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Wednesday, February 27, 2013

I try to make my furniture unique.  One way is to incorporate unique molding designs.  I try to ferret out different companies that make unusual trim but sometimes the most fun comes from making my own.  A lot of times I use a combination of molding profiles to create something more complex.  It takes a little time and a willingness to just sit, take the time, and play.  I keep a box of scraps and end cuts of things that I have done and then just try them in differing combinations to see what I can come up with. 

Sometimes it might be just a simple pattern repeated or turned upside down that will create a spark.  I've tried also to use large molding elements but scale them down. A pediment for over a door turns into a eye catching idea for a picture frame. etc.....

Just using router bits alone you can come up with countless imaginative ideas.  If you keep a box of "idea seeds" as I do, then you won't have to get your router out to try new ideas, just use your "puzzle" box.

I took some pictures of some of the "scap" piece in combination to show their new life.
Some of the things you try will not work out and others may surprise you.  All the things on this table I thought were  good enough to use in various projects.  It has been standard practice to "build up" larger moldings using stock elements.  Crown moldings are often done this way on higher ceilings which require larger elements because of the height of the room.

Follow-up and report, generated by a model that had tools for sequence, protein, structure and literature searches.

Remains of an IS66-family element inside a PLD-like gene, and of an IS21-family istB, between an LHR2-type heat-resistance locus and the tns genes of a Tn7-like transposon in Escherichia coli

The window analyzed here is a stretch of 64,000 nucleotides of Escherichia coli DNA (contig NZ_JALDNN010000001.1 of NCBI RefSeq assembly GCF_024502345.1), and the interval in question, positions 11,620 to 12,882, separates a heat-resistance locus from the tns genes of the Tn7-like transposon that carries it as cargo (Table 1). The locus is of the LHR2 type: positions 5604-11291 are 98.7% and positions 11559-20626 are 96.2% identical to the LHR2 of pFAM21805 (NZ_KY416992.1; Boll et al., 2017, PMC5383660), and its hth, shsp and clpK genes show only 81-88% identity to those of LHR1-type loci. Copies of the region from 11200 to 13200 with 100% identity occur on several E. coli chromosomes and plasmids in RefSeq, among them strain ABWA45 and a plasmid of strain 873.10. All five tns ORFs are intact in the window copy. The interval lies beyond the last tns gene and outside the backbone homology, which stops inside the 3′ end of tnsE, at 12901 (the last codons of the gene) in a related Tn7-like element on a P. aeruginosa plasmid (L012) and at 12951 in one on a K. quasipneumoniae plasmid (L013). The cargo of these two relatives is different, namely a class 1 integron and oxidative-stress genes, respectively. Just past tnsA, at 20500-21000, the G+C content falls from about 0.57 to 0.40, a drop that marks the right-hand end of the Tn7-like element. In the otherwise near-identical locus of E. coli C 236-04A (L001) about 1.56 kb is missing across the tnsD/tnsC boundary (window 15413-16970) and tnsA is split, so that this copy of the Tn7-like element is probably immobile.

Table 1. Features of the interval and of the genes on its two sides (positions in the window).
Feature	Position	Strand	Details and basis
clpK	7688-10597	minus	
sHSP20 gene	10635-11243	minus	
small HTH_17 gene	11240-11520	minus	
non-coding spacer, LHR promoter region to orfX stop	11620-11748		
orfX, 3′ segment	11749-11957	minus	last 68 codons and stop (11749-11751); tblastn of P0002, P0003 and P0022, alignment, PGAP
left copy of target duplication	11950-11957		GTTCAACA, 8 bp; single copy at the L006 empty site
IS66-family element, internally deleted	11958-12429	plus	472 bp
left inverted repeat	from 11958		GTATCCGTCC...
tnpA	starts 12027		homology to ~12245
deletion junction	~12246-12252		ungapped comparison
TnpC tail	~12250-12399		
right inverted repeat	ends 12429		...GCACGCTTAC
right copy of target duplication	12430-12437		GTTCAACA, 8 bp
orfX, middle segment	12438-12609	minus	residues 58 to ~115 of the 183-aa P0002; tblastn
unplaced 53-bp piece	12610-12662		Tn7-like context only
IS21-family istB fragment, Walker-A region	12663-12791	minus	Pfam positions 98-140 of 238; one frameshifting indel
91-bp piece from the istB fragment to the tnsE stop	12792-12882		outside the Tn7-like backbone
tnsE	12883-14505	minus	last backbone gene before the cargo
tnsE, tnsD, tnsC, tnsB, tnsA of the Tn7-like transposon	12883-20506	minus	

One such molding you can see I made up from five pieces.  The central piece is a piece of 4" cherry cove molding which looked skimpy atop an office with ten foot ceilings.  Now it looks grand and in proportion to the height of the room.  However, it did necessitate going around the room three times to add the pieces.  Here are the pictures...........enjoy... All these show two or more pieces in combination.

Tuesday, February 26, 2013

Remember that old workbench with the end vise?  I showed you how I keep the jaws parallel by using spacers equal to the width of the thickness of the work you're trying to hold.  I also use this trick.  I make an "S" shaped piece as in the picture.  One side is 3/4 " thick and one side is 1/2" thick.  This works easily since most of the time I'm trying to clamp wood of this thickness.

The jaws are kept parallel, no problem!


Sunday, February 17, 2013

Here is an example of what homeowners can do to brighten a dull spot in their home. With a little help from EG Wood, this refrigerator corner is now useful and definitely brighter with the new lighting system. Here are before and after pictures.

     First the refrigerator was given a better home.  The exposed side was covered with nice harwood veneer to match the surrounding wood. 
     The top of the refrigerator is always a catch-all spot for "things" that can't be easily fetched unless husband gets a ladder.  So, a display shelf was the choice, created with added lighting to show off some better pieces of kitchen ware that may only be used occasionally. 
     The final step was to create a cabinet worthy of that corner.  Instead of a flimsy roll cart, a more permanent cabinet was made.  It has three functions now.  With a granite top it is part of the kitchen, a usable surface.  The doors and drawer are storage you can reach. The sides hold 20 bottles of wine.  You can use the entire cabinet for wine serving.  The granite top is unharmed by water, heat or alcohol.